Posted by: Jack Henry | May 5, 2020

Editor’s Corner: Wayside or Waist Side

Happy Cinco de Mayo!

Dear Editrix,

I was reading a social media post by a #hustle kind of person who was talking about staying productive during the quarantine. He asked, “What passions fall by the waist side while you are busy working your full-time job?” I had always heard it as fall by the wayside. Perhaps he was being cheeky, waist side—eating our lost passions. I googled it and found fall by the waist side, waste side, and wayside. What is correct and why the confusion?


I’ve fallen (by the wayside) and I can’t get up

Dear Fallen,

Oh boy. Well, you’ve certainly given him a good excuse—that maybe he was being humorous and clever with waist side. But as many people and dictionaries and websites will tell you, the phrase by the wayside is the correct one. Here’s a brief article from one of our favorite folks, Grammar Girl.

Have you ever missed a deadline or failed a test?

You may have planned to prepare, but then something happened, and those plans fell by the wayside.

What is the wayside, anyway? And does it hurt if you fall by it?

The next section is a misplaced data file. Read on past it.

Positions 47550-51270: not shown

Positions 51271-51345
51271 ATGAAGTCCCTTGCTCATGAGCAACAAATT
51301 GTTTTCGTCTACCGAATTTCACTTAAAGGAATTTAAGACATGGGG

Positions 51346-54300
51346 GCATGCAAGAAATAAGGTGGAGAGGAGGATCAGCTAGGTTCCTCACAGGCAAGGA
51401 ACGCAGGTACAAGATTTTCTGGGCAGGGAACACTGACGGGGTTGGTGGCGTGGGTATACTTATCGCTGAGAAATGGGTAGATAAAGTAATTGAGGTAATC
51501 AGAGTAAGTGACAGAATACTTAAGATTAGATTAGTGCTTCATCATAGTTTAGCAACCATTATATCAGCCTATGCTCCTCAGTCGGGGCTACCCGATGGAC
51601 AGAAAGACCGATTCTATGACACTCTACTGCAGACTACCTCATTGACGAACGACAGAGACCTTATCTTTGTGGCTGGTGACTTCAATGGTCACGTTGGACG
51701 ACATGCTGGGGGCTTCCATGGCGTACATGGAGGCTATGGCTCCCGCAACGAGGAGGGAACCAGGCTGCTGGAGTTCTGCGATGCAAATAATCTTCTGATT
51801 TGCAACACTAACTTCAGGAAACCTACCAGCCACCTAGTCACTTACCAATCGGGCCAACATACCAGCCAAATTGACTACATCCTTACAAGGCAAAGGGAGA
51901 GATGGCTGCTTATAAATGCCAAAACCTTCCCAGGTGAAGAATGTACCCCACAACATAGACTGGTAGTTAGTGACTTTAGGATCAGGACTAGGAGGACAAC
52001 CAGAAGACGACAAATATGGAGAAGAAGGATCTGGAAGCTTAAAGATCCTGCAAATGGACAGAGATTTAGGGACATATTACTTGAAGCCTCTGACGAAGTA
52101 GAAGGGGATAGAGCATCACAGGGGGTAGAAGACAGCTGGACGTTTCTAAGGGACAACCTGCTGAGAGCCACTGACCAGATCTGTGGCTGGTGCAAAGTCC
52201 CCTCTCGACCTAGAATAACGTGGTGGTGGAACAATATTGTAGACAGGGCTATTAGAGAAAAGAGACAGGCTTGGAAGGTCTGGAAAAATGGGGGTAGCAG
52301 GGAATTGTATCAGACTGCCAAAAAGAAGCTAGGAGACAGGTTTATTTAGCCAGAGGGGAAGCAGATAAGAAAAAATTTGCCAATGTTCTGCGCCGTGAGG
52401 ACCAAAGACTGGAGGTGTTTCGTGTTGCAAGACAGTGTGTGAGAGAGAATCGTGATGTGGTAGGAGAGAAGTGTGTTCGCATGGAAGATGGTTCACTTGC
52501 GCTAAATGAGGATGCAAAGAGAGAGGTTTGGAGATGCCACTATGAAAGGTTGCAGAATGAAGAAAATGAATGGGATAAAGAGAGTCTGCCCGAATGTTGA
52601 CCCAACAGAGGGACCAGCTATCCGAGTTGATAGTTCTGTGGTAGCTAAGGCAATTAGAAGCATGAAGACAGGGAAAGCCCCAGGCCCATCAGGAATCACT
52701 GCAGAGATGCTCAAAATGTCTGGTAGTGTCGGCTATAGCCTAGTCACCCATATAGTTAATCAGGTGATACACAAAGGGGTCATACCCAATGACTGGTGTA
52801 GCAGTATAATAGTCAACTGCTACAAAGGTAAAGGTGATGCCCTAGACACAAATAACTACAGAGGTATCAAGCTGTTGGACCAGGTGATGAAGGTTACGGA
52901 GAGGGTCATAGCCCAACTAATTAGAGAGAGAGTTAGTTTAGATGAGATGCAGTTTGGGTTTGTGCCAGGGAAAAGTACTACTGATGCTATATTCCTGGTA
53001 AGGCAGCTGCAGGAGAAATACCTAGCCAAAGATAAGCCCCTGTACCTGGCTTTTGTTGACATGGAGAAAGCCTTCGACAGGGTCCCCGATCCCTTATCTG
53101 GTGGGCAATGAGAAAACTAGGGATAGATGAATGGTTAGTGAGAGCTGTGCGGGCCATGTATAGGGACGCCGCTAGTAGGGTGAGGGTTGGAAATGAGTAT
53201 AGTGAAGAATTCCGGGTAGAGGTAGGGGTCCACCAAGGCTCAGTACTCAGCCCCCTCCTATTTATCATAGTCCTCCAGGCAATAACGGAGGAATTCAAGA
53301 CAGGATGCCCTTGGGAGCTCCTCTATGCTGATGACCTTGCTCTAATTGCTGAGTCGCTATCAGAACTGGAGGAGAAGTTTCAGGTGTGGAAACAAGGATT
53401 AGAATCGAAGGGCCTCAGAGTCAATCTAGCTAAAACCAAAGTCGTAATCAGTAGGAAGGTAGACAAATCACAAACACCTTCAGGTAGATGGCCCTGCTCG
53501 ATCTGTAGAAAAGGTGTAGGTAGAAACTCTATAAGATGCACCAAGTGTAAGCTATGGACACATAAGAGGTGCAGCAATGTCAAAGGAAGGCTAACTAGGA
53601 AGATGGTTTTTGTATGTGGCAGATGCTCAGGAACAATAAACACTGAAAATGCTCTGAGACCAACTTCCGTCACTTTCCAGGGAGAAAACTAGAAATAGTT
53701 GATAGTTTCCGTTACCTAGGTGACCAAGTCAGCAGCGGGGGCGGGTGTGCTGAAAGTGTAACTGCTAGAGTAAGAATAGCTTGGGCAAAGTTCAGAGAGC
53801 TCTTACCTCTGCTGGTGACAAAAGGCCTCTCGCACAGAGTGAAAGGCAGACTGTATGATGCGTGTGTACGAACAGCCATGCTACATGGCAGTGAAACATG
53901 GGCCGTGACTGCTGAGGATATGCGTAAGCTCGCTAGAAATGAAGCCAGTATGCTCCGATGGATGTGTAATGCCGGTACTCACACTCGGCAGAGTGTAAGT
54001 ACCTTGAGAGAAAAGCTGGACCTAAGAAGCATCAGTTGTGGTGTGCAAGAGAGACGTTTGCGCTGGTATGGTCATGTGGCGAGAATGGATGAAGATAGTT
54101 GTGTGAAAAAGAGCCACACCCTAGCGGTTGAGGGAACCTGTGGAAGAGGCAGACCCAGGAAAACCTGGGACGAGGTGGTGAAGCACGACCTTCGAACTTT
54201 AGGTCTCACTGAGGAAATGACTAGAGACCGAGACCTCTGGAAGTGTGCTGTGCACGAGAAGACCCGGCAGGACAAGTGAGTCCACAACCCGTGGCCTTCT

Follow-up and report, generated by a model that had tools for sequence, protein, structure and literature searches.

Let’s find out. We’ll start with the word way.

A way is a road or a path. As in highway, byway, or the phrase going my way? You’ve probably said that before.

The wayside, therefore, is the land on either side of the way. What we might call the roadside.

The term wayside can first be found in the Middle English poem Morte Arthure. This poem was written in the 1400s by an unknown author. It tells part of the legend of King Arthur. It’s sometimes called the Alliterative Morte Arthure, because it uses so much alliteration—many words that start with the same sound.

At one point in the story, Arthur’s knights are traveling through France when they find themselves ambushed. They’re attacked, the poet writes, by “fifty thousandez of folke of ferse men of armez” who appear on the “waye sydes” of a “bechen wode.”

In other words, fifty thousand armed men sneak through a beech wood forest, appear on the side of the road, and attack.

These days, we often hear wayside used in the phrase to fall by the wayside.

That means that to forget about something or neglect it.

For example, you might say your grass died because your watering fell by the wayside. Or that your plans to save money fell by the wayside when you saw that sweet pair of Jordans.

I hope that helps, Fallen. Most of the things I saw about “the waist side” were just blogs about people making that error in speech. While they do sound similar, the waist side is incorrect.

Kara Church

Technical Editor, Advisory

Symitar Documentation Services

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